Scorpions are successful and evolutionarily very ancient predators. They are widely represented throughout the world, with an estimated 2,100 species distributed in subtropical and tropical regions. Their flattened bodies allow them to hide in small spaces. They live in a variety of microhabitats, under rocks and plant material such as tree trunks, leaves and bark. But also, in any cracks and crevices in places of human, industrial or household activity.
Scorpions are not insects, they belong to a different group called arachnids and absolutely all of them are venomous. The toxic potency of the venom depends on each species. Some can be lethal, but most cause reactions comparable in severity to a bee sting. However, they can also trigger an allergic reaction.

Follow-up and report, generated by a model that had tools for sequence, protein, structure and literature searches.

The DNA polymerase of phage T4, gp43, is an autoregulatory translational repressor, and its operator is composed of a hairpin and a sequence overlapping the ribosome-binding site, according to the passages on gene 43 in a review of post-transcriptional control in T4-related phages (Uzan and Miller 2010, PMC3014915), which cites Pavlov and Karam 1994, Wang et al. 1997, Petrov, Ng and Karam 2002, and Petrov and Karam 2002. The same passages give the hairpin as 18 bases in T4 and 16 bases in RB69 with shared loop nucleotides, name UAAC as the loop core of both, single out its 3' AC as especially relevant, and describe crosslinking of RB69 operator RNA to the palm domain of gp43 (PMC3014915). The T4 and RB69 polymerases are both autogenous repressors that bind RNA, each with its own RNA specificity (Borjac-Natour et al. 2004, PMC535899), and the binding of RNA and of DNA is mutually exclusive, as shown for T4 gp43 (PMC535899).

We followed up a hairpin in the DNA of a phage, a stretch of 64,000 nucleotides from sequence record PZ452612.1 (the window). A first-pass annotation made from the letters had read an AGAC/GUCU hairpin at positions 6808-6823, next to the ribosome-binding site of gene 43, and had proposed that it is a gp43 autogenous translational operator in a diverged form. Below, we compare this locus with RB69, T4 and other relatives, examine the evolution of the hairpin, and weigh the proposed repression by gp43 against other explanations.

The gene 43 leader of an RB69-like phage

Experts point out that Panama has the highest incidence of scorpionism in the Central American region. In areas of the Canal Watershed there are scorpions of medical importance, so it is essential to follow safety recommendations to avoid accidents. Among the most relevant are the species of the genus Tityus, whose venom is toxic enough to be considered lethal. But other species also live in these areas, whose venoms represent less risk to people. In any case, it is advisable to always seek medical attention, especially when dealing with children.
- The names scorpion and scorpion have different origins, the former being Greek and the latter Arabic, but they are synonymous and refer to the same animal.
- Scorpions have nocturnal habits, they catch their prey with their pincers and inject venom with their sting. They feed on crickets, cockroaches, beetles, termites, ants, spiders and small lizards.
- Their venom has therapeutic properties that are studied for the treatment of cancer, arthritis and tumors. Also as an antibiotic, antiviral and reinforcement of the immune system.